A good ESL teacher knows how students acquire a language and what kind of environment is conducive to language learning. A classroom where all students sense they belong and feel responsible for each other is one which will facilitate learning an additional language. Students in this environment will feel willing to try and communicate in the new language through the authentic tasks the teacher has set and feel safe to take risks when doings so. They will feel confident because the teacher has shown an intolerance for bullying of any kind and will therefore know they will not be belittled for their mistakes. The teacher will have instead created an expectation that mistakes are a part of learning, a growth mindset, and the students will know that, as with most things in life, the more effort you put into learning something, the better at it you will be.

The good ESL teacher will ensure that every student is treated fairly, and if they do have biases, then they work hard not to let these influence their decisions. The better ESL teacher will reflexively examine their views and values and work on themselves to reduce and eliminate these biases. They will provide their students with a global education where students learn about the world’s diverse cultures, look at examining cultural differences and how cultures can also blend together. This will assist students to understand their own cultural and identity journey as they begin to learn a new language alongside of a new culture and this is because …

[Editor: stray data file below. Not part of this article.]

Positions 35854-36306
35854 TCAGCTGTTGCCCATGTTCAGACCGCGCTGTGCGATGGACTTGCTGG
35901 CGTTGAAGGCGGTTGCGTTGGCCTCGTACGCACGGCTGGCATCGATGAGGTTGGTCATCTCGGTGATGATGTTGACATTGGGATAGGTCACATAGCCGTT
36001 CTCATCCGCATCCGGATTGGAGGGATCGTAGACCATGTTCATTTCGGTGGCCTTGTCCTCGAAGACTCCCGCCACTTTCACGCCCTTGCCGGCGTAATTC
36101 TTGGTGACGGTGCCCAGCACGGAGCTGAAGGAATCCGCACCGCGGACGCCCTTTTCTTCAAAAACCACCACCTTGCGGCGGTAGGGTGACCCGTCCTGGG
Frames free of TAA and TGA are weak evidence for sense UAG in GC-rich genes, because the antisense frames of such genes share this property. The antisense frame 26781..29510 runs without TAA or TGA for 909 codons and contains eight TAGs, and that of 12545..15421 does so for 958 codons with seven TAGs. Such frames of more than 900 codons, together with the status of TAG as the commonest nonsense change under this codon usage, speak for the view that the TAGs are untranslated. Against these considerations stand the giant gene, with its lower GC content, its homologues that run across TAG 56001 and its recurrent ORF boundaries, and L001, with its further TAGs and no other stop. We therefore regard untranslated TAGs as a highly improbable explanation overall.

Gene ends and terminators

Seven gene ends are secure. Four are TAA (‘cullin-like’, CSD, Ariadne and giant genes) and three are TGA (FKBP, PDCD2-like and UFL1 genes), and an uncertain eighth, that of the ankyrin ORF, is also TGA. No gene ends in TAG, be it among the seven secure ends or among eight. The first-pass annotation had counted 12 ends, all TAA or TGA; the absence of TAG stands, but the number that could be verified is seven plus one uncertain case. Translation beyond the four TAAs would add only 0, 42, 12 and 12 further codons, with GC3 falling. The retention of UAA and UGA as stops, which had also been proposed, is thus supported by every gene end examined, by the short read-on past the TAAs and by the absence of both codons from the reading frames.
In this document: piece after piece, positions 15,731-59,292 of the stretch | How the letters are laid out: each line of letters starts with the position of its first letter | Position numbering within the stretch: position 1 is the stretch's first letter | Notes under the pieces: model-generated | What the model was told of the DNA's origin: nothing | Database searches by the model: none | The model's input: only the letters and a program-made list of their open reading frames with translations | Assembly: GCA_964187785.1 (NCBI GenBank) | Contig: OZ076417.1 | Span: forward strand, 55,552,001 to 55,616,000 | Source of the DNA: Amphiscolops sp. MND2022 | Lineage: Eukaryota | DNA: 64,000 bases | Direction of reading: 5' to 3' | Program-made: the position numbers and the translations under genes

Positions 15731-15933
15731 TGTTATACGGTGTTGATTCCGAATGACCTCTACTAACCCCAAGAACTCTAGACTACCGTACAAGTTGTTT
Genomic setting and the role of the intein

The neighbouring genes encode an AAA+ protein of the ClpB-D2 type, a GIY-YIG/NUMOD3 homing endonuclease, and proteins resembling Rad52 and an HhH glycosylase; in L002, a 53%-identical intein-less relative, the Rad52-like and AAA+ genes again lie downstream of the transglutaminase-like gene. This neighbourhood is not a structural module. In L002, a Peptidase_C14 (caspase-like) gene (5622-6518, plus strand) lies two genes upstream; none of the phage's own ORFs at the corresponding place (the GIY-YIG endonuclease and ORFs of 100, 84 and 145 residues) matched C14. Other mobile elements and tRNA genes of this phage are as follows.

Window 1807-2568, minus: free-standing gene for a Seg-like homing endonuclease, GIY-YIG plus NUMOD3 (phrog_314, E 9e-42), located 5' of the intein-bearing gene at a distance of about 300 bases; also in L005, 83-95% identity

A good ESL teacher is more than just a language teacher

A good ESL teacher recognises that language and culture are entwined and that in teaching language they are teaching the culture that is attached to that language as well. In ESL teaching the good teacher must assist students to be able to read and assume meanings behind both verbal and non-verbal communication with English speakers as, only by doing so, will they be able to answer and respond appropriately. This includes teaching the implications of language choices, helping students understand the suitability of certain phrases and ways of speaking, understanding for example, that “Hey bruh” is appropriate in an informal gathering with friends but not, for example, a job interview. 

In summary

The importance of a good teacher cannot be overemphasised, they are the most important variable in student learning (Lingard, 2005). A good teacher cultivates positive relationships with all learners, they are prepared and organised with structured routines. They keep their students engaged and interested in learning and always maintain students’ dignity. They create a classroom environment where all students feel that they belong and understand that teaching a language encompasses more than simply vocabulary and grammar. 


Lingard, B. (2005). Socially just pedagogies in changing times. International Studies in Sociology of Education, 15(2), 165-186.

Otero, G. G., & Chambers-Otero, S. (2000). Relational learning: Towards a human ecology in 21st Century schools. Incorporated Association of Registered Teachers of Victoria.